Then again the Pharisees also asked him how he had received his sight. He said unto them, He put clay upon mine eyes, and I washed, and do see.

Therefore said some of the Pharisees, This man is not of God, because he keepeth not the sabbath day. Others said, How can a man that is a sinner do such miracles? And there was a division among them. (John 9:13–16)

When the Pharisees enter into the matter, their preferred mode of rejecting the miracle is a different one. They take direct aim at the character of the man who had initiated the cure: Jesus had healed a man on the Sabbath day. That did not sit well with their doctrines or teachings about proper Sabbath behavior. Accordingly, in their judgment, he was a sinner and any miracle wrought by him need not be taken seriously as entailing any theological implications or religious conclusions. They accorded more weight to their doctrinal understanding, in other words, [Page xii]than to what might seem, at least at first glance, to be the undeniable empirical fact of a divinely wrought, humanly inexplicable miracle.

But they understand that the miracle is a powerful one, and that it may require still more firepower to dismiss it completely. And, in the next verse, they take their first step toward constructing yet another reason for dismissal:

They say unto the blind man again, What sayest thou of him, that he hath opened thine eyes? He said, He is a prophet. (John 9:17)

They will drop this approach for now, but they will return to it very soon as a means of devaluing the testimony of the formerly blind man. He was, it must be remembered, the direct recipient — and, thus, the primary and very literal eyewitness — of the miracle wrought by Christ. And, for that reason, those who needed to reject the miracle knew that he needed to be discredited. First, though, they resort yet again to the suggestion that there has been a mistake, that this man who can see simply isn’t the same man as the blind beggar whom they had seen so often over previous years:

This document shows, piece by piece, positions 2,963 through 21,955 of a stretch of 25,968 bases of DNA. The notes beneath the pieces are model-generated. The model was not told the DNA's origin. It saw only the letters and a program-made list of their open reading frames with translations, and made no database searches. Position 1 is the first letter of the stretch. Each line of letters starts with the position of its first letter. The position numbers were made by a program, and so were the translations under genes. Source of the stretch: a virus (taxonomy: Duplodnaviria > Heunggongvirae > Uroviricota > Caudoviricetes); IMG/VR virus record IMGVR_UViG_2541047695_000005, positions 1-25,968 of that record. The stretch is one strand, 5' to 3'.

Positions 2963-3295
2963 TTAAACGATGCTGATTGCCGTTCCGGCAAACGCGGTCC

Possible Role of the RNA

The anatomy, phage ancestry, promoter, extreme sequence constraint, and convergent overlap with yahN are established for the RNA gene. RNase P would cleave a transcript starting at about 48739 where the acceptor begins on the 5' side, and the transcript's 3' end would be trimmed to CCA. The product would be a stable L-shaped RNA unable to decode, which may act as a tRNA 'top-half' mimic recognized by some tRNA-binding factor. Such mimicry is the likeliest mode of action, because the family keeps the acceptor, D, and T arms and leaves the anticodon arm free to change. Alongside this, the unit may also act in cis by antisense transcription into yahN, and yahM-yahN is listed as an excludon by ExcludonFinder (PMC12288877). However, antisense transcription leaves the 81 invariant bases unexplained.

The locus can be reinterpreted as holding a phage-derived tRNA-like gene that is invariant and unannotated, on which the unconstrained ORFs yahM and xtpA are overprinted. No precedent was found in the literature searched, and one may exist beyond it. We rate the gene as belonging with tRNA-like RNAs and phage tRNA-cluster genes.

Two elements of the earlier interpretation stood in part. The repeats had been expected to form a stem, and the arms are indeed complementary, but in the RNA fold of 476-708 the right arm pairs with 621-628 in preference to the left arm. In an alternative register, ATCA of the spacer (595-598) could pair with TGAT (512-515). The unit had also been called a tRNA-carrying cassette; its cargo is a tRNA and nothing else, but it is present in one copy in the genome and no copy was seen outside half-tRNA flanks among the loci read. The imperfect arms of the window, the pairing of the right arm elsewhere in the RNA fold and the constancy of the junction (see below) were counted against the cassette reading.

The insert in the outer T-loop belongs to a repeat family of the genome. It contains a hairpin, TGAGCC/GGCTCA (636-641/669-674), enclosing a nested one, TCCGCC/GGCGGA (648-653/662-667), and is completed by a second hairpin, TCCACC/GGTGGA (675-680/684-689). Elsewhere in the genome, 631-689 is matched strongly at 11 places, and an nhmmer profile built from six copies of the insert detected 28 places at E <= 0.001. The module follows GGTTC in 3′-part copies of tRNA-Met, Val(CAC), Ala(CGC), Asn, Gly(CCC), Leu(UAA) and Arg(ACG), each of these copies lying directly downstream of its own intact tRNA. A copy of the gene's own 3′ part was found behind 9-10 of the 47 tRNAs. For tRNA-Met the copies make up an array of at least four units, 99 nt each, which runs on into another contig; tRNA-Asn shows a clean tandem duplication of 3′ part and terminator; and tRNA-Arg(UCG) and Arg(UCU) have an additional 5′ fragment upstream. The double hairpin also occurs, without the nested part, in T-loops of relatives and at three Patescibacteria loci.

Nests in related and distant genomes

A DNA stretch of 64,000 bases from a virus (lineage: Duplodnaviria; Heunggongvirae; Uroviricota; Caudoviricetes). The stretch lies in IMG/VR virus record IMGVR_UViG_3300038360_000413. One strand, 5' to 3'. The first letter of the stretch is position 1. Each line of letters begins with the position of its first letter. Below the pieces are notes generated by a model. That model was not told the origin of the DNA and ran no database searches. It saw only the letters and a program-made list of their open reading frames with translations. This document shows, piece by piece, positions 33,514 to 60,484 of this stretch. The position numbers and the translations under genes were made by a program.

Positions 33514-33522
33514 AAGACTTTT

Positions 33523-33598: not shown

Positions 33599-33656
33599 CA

But the Jews did not believe concerning him, that he had been blind, and received his sight, until they called the parents of him that had received his sight.

And they asked them, saying, Is this your son, who ye say was born blind? how then doth he now see?

His parents answered them and said, We know that this is our son, and that he was born blind. (John 9:18–20)

So that avenue of escape has now been pretty well sealed off: The neighbors, the parents, and the man himself all certify that he is indeed the formerly blind beggar and that suddenly, somehow, he can now see. But they had also asked another question: Exactly how was this done? They’re probably hoping that the parents will confess to some explanation other than the one that has been repeatedly provided. They would like an explanation that doesn’t validate the inconvenient messianic claims of Jesus.

Remember how the unbelieving Nephites and Lamanites in the book of Helaman explained inconvenient truths such as miracles and accurate prophecies:

And they will, by the cunning and the mysterious arts of the evil one, work some great mystery which we cannot [Page xiii]understand, which will keep us down to be servants to their words, and also servants unto them, for we depend upon them to teach us the word; and thus will they keep us in ignorance if we will yield ourselves unto them, all the days of our lives.